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Remember the Closed Loop

More companies are discovering that UHF RFID systems are not just for open supply chain applications.
By Mark Roberti
Dec 05, 2005For much of this year, analysts have been issuing reports claiming radio frequency identification delivers no return on investment. I spoke at about 40 events this year, and I've often made this statement: "There probably isn't a company with more than $50 million in revenue that couldn't benefit from RFID."

It's a bold statement, I know, but one I fervently believe. The ROI is not in tagging shipments for a customer, of course—that's a business requirement. The ROI is in tracking assets internally or in a closed-loop supply chain.

I was reminded of this fact last week when I interviewed Phil Lazo and Larry Blue of Symbol Technologies for an upcoming Vendor Profile. The two senior executives, who run Symbol's RFID hardware and tag businesses respectively, report that their RFID business has been strong this year, but that not all of the demand for tags and interrogators is coming from mandated companies. They also say they've seen an increase in sales to companies that want to track assets within closed-loop supply chains, including apparel makers, postal services and airlines.

Lazo worked at Tyco/ADT in the late 1990s, when it offered an RFID asset tracking solution using low frequency tags. It didn't do well, he says, because the read range just wasn't long enough. But with second-generation EPC UHF hardware hitting the market, companies now have high-performing products that can track a wide variety of goods and assets within their own four walls.

This week’s featured story also looks at an important pilot in which EPC technology was used in the airline industry to track baggage in a closed loop, as the bags moved between airports in Amsterdam, Beijing, Tokyo and Chicago (see EPC Bag Tagging Takes Wing). The results of the EPC trial proved the applicability of the EPCglobal Network in a closed-loop system, while increasing the understanding of inter-airport baggage-handling processes. With the IATA endorsing the use of ISO 18000-6C protocol-compliant UHF tags and readers as a global standard for RFID baggage tags, I look forward to the day when manufacturers and aviation industry end users can finally put price concerns behind them and implement their plans for RFID, letting demand drive production and cost competition.

It's not necessary, of course, to use EPC UHF systems to track goods and assets internally, but there are some advantages to using technology based on an open standard. The volumes of tags and interrogators purchased by other companies to comply with retail and U.S. Department of Defense mandates will drive prices down, which means you'll likely pay less for standardized systems. And the quality and performance of products based on open standards is likely to be better than those of products based on proprietary technology. Vendors will invest more in developing and enhancing products based on standards, because they need to differentiate their products and because they are likely to get a bigger return on their investment in products based on standards, which are attractive to a larger market.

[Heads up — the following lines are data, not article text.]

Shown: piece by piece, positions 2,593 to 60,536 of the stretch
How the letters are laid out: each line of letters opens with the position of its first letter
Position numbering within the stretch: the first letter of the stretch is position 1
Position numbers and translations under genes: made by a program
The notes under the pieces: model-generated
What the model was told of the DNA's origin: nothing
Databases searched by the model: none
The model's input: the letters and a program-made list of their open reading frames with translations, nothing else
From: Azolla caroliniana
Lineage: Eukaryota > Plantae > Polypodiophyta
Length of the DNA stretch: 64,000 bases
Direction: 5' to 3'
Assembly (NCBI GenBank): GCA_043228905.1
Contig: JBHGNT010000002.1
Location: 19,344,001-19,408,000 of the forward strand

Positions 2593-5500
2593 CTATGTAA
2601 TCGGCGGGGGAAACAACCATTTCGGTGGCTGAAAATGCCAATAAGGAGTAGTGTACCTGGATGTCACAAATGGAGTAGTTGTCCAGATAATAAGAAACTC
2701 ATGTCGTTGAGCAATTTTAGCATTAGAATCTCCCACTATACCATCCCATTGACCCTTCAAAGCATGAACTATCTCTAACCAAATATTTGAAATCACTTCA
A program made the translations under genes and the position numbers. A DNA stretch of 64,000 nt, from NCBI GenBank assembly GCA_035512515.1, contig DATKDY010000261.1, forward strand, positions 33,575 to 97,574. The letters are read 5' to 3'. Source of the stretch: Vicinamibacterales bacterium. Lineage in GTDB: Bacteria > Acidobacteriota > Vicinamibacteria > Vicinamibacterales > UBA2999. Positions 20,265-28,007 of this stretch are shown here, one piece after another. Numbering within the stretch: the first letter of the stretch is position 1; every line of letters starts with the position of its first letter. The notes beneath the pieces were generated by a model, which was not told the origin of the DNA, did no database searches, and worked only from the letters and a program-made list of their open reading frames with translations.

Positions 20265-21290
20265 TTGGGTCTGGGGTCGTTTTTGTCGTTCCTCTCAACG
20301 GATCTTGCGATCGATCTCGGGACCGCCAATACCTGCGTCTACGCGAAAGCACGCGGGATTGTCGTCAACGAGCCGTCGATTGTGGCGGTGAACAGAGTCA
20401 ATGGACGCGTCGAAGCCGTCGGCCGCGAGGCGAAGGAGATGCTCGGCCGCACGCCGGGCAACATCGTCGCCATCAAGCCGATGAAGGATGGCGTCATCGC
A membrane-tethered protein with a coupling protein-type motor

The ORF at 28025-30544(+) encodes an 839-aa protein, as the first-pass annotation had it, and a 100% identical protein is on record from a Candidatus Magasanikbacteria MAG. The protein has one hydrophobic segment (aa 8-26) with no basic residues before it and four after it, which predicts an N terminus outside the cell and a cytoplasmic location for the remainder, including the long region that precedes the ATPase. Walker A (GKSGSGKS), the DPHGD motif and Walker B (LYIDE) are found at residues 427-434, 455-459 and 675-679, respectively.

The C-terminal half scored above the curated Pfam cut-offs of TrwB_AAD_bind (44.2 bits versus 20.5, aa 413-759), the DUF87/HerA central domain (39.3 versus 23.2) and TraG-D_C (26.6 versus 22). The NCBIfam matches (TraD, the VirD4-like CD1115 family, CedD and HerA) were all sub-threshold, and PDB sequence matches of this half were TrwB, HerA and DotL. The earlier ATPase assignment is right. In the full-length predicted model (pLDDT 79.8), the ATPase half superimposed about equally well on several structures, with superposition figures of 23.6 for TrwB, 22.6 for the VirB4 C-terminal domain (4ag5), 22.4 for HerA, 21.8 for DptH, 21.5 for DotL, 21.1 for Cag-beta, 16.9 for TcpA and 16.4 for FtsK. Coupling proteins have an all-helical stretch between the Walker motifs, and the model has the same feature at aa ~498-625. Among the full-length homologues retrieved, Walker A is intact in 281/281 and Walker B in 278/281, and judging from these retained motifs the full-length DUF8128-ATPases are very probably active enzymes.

UHF technologies are likely to appeal to businesses looking to track returnable transport containers, tools and other assets used in factories, warehouses, distribution centers, cross-docks, hospitals and other facilities requiring wide-area coverage. But companies shouldn't overlook other technologies. RFID Journal has published numerous case studies in which manufacturers, distributors and shippers have achieved a huge ROI in active RFID systems that can track assets over large areas.

In addition, don't forget high-frequency technologies, which have well-established standards developed by the International Organization for Standardization (ISO). HF products can be used for asset tracking, particularly for small items that need to be tracked at close range, such as test tube samples in a lab, totes in a pharmacy or retail supply chain, or clothing on a shelf.

Tracking assets or products moving within a company's own operations is an ideal way to learn about the issues involved with deploying RFID systems—interference, tag and reader collision, data integration and so on—while developing a system that can deliver a real ROI within a year. I know of one hospital, for instance, that doesn't pay for rental equipment when it's not in use. It uses logs from an active RFID system sold by GE Healthcare to determine when assets are in use, saving hundreds of thousands a year. That system paid for itself and is now using the savings to explore new ways to apply the system to achieve additional benefits.

Whether you are facing an RFID tagging mandate or not, tracking assets internally offers the chance to gain an education while saving money. That seems like an opportunity few companies would want to pass up.

Mark Roberti is the founder and editor of RFID Journal. If you would like to comment on this article, click on the link below.
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